Saturday, September 24, 2011

Pork Carnitas and Carnitas Tacos - Cathy

This truly fabulous recipe is from a Sunset magazine article in 2000 about tacos in the Southwest.  The Pork Carnitas recipe from La Taqueria in San Francisco is the one that we really went crazy for and have been making it often ever since.  

These carnitas are the real deal: slow-cooked, then finished up in the oven until they are crispy, flavorful bits, and the flavor is to die for--really, really amazing. It is always a huge hit every time we serve it and vanishes like crazy as people keep walking back to pick at it some more even after they are done eating. 

The recipe is not at all difficult; just a bit time-consuming but so worth it.  So plan on being home for a few hours and make lots--it freezes wonderfully.  You could also start this in a slow-cooker, but with less water.  Let it simmer pretty much all day, then finish up in the oven.  Or, if you have a pressure cooker you could start it off in there, cooking until very tender, then again finishing up in oven.  In that case also you should  use a lot less water.  

Any way you do it, TRY THIS!!  So ridiculously good!

Try serving with The Orange Sauce (aka "Crack Sauce") and Two Minute Pomegranate Margaritas

what you will need:

1 boneless pork shoulder or butt (4-5 lbs.)
2 onions, (1 lb. total) peeled and quartered
4 stalks celery (including leaves), rinsed and cut into chunks
4 cloves garlic, peeled
2 dried bay leaves
2 tsp. dried thyme
about 1 tsp. salt, to taste 
1/2 cup milk

Rinse pork and pat dry.  Put into a 6-8-quart pot.  Add onions, celery, garlic, bay leaves, thyme, salt and enough water to cover meat--2 1/2 to 3 1/2 quarts.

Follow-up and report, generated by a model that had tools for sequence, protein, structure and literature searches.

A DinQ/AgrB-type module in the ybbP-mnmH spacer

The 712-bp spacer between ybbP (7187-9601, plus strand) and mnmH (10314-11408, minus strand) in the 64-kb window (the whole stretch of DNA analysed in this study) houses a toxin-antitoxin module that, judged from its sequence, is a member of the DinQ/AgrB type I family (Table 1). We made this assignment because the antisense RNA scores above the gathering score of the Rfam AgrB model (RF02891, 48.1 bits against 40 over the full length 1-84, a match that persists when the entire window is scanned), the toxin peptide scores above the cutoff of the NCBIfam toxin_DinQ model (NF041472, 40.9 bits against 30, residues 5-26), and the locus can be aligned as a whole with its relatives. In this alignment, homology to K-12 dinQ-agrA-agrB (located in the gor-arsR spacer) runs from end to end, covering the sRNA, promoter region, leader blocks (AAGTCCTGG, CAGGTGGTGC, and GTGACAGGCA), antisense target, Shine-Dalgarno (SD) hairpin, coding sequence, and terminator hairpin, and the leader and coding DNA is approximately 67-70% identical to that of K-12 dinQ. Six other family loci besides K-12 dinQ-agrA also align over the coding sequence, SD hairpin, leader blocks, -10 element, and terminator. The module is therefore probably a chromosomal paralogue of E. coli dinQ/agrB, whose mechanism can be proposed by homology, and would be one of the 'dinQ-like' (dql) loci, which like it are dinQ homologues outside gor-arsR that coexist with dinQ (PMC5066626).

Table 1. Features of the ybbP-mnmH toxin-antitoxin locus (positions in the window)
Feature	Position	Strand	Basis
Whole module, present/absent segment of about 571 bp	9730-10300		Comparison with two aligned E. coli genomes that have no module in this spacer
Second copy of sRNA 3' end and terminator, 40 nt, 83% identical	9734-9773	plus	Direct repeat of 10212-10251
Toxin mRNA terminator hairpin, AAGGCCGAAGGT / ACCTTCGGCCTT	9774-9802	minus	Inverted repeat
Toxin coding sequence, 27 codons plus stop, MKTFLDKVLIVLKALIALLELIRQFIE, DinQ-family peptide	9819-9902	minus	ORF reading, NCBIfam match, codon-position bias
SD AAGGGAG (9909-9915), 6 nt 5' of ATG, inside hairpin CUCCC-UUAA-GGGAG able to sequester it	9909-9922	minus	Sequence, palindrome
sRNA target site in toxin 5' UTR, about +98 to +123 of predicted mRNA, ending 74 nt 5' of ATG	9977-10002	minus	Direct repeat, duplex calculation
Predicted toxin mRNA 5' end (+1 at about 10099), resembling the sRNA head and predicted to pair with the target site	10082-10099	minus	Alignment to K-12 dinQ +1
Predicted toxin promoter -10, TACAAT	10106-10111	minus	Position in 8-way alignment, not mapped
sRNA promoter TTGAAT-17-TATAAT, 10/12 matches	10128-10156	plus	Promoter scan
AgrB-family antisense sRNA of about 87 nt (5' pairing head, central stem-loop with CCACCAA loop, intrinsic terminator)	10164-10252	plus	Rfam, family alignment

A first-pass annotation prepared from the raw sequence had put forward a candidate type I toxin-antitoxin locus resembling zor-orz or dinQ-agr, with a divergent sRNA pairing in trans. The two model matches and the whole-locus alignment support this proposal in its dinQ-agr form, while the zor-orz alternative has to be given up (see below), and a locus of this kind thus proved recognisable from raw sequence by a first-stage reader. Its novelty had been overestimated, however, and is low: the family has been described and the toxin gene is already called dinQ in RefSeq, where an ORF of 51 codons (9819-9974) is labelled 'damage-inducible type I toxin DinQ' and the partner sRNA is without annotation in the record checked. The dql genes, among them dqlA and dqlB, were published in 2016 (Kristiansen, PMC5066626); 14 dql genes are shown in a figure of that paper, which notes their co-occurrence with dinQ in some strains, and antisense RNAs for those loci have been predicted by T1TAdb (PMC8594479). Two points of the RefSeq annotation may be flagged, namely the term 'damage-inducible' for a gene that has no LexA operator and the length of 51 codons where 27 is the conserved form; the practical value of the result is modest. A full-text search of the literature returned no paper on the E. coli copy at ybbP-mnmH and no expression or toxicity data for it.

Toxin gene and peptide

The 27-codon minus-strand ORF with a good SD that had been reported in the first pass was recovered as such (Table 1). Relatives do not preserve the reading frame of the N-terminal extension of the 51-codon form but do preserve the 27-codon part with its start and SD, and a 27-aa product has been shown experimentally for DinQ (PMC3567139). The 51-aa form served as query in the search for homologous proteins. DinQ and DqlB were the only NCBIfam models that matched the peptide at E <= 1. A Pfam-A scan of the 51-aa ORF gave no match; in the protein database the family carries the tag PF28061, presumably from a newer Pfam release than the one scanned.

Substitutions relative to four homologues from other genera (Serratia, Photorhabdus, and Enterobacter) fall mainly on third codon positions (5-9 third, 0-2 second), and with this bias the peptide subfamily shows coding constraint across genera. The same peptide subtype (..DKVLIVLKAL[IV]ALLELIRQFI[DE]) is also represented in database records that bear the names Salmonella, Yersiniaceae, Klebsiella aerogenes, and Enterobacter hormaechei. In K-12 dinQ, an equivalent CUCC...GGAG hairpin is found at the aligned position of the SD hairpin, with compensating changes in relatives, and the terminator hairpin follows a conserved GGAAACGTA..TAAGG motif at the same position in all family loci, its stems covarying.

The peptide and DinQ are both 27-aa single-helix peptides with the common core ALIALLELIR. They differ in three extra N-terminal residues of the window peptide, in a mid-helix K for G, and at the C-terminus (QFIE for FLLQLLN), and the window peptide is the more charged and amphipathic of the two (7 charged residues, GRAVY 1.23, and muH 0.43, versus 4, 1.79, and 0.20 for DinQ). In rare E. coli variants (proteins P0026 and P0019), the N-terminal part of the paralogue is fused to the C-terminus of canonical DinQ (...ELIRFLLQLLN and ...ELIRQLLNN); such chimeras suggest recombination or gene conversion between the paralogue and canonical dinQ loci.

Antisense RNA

Bring to a boil over high heat; reduce heat, cover and simmer until meat is very tender when pierced, 2 to 2 1/2 hours.

Preheat oven to 325 degrees. With slotted spoons or tongs, transfer pork to a large baking pan, reserving cooking juices.  Use 2 forks to pull meat into large chunks.  

Pour milk over meat.

Bake pork until drippings are browned, about 1 hour, stirring and scraping pan occasionally.

Meanwhile, pour reserved juices through a strainer into a bowl; discard solid residue.  Skim and discard fat. 

 Return juices to pot.  Boil over high heat until reduced to about 2 cups; around 45 minutes.

When pork drippings are browned, add 1 cup of the reserved juices; scrape drippings free and stir meat, breaking into smaller pieces (but not too small!).  

Bake until juices have evaporated and drippings are browned again--about 15 minutes, stirring occasionally.  Repeat step, using remaining juices, and cook until meat edges are crisp and browned, 15 to 20 minutes longer.  Season to taste with salt. 

For tacos:

  Fresh corn tortillas, warmed
  Finely sliced cabbage
  Sliced radishes
  Chopped avocados
  Chopped tomatoes
  Chopped cilantro
  Chopped onions
  Crumbled cotija cheese (feta is a reasonable substitute)
  Lime wedges
  Hot sauce, pico de gallo, salsa or all of them!
Oh boy, I'm really hungry now.  Make this soon and I'll come over and help you eat it!

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